Abstract 13268: Global and Regional Circumferential and Radial Myocardial Deformation and Torsion in Elite High School Athletes - Physiologic Impact of High Intensity Athletic Training on Ventricular Adaptation&Performance
Background: Cardiac adaptation to high intensity athletic training is characterized by increases in LV chamber dimension, wall thickness & mass. Previously, we identified regional differences in longitudinal LV myocardial strain in elite high school athletes compared to sedentary controls, most notably with increases in apical relative to basal myocardial deformation. The purpose of this study was to assess the physiologic impact of long-term training & the type of sport participation on parameters of LV radial & circumferential deformation as well as LV torsion in this same cohort.
Methods: Standard two-dimensional (2D), spectral Doppler, & tissue Doppler were prospectively performed utilizing a GE Vivid 7 system to evaluate LV systolic function in 107 elite high school athletes (68 males) compared to controls. Radial and circumferential strain were performed to evaluate 18 regional (apical, mid, & basal short-axis segments) & global LV strain. The impact of the type of sport and training (figure skating, ice hockey, soccer) on LV systolic deformation was also assessed.
Results: Heart rate, LV dimensions, & LV mass were significantly different in athletes compared to controls (p<0.001). Traditional measures of LV systolic & diastolic function as well as tissue Doppler, global circumferential 2D strain, & averaged radial 2D strain were not different between groups. Similar to previously identified changes in longitudinal strain, regional differences in both radial & circumferential strain were identified, with apical deformation increased relative to basal function in athletes compared to controls (p<0.001). LV torsion was decreased in athletes versus controls (p<0.01). Similar changes in regional deformation & torsion were seen in all athletes.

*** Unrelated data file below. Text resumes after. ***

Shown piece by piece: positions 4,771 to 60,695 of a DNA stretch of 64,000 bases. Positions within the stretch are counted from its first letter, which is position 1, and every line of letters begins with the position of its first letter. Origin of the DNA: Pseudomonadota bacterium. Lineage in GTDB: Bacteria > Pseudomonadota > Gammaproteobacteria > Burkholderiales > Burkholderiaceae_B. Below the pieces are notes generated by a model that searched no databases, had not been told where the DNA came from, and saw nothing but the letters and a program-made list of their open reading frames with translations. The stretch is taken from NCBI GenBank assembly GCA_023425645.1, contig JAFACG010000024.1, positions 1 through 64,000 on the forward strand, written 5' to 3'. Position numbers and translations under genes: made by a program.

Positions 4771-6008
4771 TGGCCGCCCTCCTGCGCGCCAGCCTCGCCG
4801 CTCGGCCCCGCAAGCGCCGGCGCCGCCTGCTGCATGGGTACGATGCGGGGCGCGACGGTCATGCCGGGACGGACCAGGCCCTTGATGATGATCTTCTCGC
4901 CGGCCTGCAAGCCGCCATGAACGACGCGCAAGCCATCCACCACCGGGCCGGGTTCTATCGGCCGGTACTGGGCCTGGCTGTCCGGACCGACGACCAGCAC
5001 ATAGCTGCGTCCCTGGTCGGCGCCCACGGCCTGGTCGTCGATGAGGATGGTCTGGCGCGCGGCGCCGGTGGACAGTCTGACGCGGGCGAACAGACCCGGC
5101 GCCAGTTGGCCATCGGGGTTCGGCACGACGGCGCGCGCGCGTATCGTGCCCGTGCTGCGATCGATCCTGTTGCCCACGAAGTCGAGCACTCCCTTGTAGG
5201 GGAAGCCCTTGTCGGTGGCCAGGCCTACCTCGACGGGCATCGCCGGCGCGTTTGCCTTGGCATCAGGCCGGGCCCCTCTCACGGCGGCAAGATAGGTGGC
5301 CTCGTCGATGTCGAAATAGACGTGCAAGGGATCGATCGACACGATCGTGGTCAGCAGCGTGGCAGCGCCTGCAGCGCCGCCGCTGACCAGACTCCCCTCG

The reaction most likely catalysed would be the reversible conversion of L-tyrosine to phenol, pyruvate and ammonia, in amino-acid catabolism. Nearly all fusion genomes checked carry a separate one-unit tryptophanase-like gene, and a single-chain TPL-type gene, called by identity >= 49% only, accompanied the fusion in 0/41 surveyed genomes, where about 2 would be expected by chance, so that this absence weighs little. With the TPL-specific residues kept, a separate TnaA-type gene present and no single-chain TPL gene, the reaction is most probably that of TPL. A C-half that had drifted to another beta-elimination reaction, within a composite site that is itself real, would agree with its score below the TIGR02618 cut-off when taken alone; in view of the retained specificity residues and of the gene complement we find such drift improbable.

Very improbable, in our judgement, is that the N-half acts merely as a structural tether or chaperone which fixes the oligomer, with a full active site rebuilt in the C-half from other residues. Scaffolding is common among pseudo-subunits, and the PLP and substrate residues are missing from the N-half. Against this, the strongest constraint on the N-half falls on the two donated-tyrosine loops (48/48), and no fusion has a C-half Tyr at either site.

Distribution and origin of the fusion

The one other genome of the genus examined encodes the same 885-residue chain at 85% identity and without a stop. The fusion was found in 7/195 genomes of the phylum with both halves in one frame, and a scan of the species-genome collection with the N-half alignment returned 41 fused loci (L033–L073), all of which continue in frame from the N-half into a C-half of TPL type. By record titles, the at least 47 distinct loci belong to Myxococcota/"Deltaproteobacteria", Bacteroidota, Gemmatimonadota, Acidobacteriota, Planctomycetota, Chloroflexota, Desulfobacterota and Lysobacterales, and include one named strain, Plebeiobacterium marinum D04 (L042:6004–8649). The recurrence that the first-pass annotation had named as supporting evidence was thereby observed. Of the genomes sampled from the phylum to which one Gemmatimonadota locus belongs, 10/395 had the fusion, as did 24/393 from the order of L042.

Conclusions: Regionally increased apical deformation compared to basal function was a consistent finding demonstrated in all athletic groups for all components of myocardial deformation. These findings, in addition to an overall decrease in LV myocardial torsion in elite athletes, add novel insights into the physiologic basis of augmented regional contractile reserve seen with high intensity training & may also assist in distinguishing athletic from myopathic increases in LV mass.
- © 2012 by American Heart Association, Inc.